Proving low-cost dental hygiene service gives TCC students hands-on training

Corriana Cooks (left) and Victoria Stewart will graduate next spring from the TCC Dental Hygiene Program.
Photo by St. Clair Murraine
Lane Wilson-Foreman, chair of the Dental Hygiene program at TCC.
Photo by St. Clair Murraine

By St. Clair Murraine
Outlook Staff Writer

Coming out of high school, Victoria Stewart was already a certified nurse assistant. 

She seemed destined for a nursing career until she decided to shadow some nurses on their jobs. It didn’t take long for Stewart to realize “that wasn’t for me.”

She still wanted to be in healthcare, though. Becoming a dental hygienist was her next option.

A few days of doing another shadowing session eventually led to Stewart landing a few hours each week as a sterile technician.

She saw enough as the person who sterilized the apparatus used by the dentists to know she was in the right place, Stewart said.

“I just fell in love with it; the environment and all the people that were there,” said Stewart, a Wakulla High School graduate.

Stewart will be among a class of students who graduate from the Dental Hygiene Program at Tallahassee Community College next spring. They will have plenty of practical experience as dental hygienists when they leave.

Most of that experience will come from the low-cost dental service that TCC offers. Students provide preventative dental services that include cleanings, x-rays, and other dental therapy, said Land Wilson-Foreman, chair of the Dental Hygiene program at TCC.

TCC is one of 13 accredited dental hygiene programs at community colleges in Florida with accreditation by the American Dental Association, which requires the low-cost dental hygiene service be provided by students. They hone their skills in a facility that features state-of-the-art equipment at TCC. 

While any resident could take advantage of the check-ups, participants are usually people from marginalized communities. The service has been a part of the hygiene program since it started in 1975. 

Its popularity is rising as more people find out about the service, Wilson-Foreman said. The first step is to make an appointment, then the service could take up to three hours to complete.

“The reduced cost is so significant,” Wilson Foreman said. “What will cost them thousands of dollars in a private practice cost them $20 or so.”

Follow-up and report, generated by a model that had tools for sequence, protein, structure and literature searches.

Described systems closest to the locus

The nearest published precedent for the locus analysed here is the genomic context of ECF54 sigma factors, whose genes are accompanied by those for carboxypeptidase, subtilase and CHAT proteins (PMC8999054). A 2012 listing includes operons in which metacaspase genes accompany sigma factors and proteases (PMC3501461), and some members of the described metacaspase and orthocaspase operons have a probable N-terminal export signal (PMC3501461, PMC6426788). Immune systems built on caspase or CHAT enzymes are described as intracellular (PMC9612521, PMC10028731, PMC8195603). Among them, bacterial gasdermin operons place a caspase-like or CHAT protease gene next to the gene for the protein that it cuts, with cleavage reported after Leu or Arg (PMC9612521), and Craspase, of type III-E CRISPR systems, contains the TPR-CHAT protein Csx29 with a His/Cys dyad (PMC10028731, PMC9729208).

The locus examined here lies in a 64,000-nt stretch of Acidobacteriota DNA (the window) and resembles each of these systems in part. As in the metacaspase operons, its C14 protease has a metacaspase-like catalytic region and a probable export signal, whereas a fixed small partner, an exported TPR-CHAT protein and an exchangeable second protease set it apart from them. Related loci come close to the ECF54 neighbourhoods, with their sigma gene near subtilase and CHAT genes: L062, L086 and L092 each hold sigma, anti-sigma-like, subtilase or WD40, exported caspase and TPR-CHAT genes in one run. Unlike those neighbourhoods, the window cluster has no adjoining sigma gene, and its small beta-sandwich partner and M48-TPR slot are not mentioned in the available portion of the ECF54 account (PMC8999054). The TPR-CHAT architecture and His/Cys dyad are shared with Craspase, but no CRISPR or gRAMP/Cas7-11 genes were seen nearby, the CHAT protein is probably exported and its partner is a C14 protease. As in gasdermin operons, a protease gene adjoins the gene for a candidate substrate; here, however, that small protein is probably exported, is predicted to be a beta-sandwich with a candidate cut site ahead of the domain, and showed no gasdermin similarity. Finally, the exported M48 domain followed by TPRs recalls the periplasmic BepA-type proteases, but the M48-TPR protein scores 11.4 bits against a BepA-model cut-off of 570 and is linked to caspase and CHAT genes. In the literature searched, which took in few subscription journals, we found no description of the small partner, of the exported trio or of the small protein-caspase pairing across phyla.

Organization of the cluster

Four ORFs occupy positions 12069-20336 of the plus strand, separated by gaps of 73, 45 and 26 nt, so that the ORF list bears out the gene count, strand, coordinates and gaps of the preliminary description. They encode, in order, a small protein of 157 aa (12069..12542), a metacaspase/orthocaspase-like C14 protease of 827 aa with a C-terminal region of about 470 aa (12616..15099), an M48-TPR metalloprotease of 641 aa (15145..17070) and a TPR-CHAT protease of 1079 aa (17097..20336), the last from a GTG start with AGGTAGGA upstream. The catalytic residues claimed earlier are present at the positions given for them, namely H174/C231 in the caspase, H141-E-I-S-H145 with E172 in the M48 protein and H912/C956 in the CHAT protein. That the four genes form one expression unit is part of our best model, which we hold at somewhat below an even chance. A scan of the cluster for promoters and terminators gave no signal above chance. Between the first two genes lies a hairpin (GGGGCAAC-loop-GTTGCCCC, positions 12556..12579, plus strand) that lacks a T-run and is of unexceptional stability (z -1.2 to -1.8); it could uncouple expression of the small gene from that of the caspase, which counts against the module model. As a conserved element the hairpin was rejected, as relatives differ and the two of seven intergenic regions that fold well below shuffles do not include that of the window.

The public service goes a long way in helping dental hygiene students work on their job readiness, but they have to pass four required exams to enter the workforce.

That’s a day that Corriana Cooks is looking forward to. She started the TCC program after earning an AA degree from Florida State Jacksonville junior college.

She later enrolled in the dental hygiene program with not a lot more than a desire to complete the 88-hour course requirement.

“Everything was new to me, but I was able to learn within a year,” said Cooks, who graduated from First Coast High School in Jacksonville. “Now it’s been very rewarding. I’m proud of myself because I’m able to do that in a short period of time.

Cooks will also graduate from TCC next spring.

“Getting that hand-on experience is great because at the end of the year we have to take a test and be able to clean that whole mouth. It’s good for the patient and good for us.”

However, course work could add to the intensity while on the path to starting a career, “but in the end it’s very rewarding,” Wilson-Foreman said.

Especially in the case of providing dental care to people in need, said Stewart.

“I love it,” she said. “I don’t look at a patient with a million dollars different from a patient with zero dollars. They all look the same to me. I love all my patients.

“I cut up with them the entire time; I just make them feel comfortable because I know some people don’t have the greatest experience with dentists.”

 


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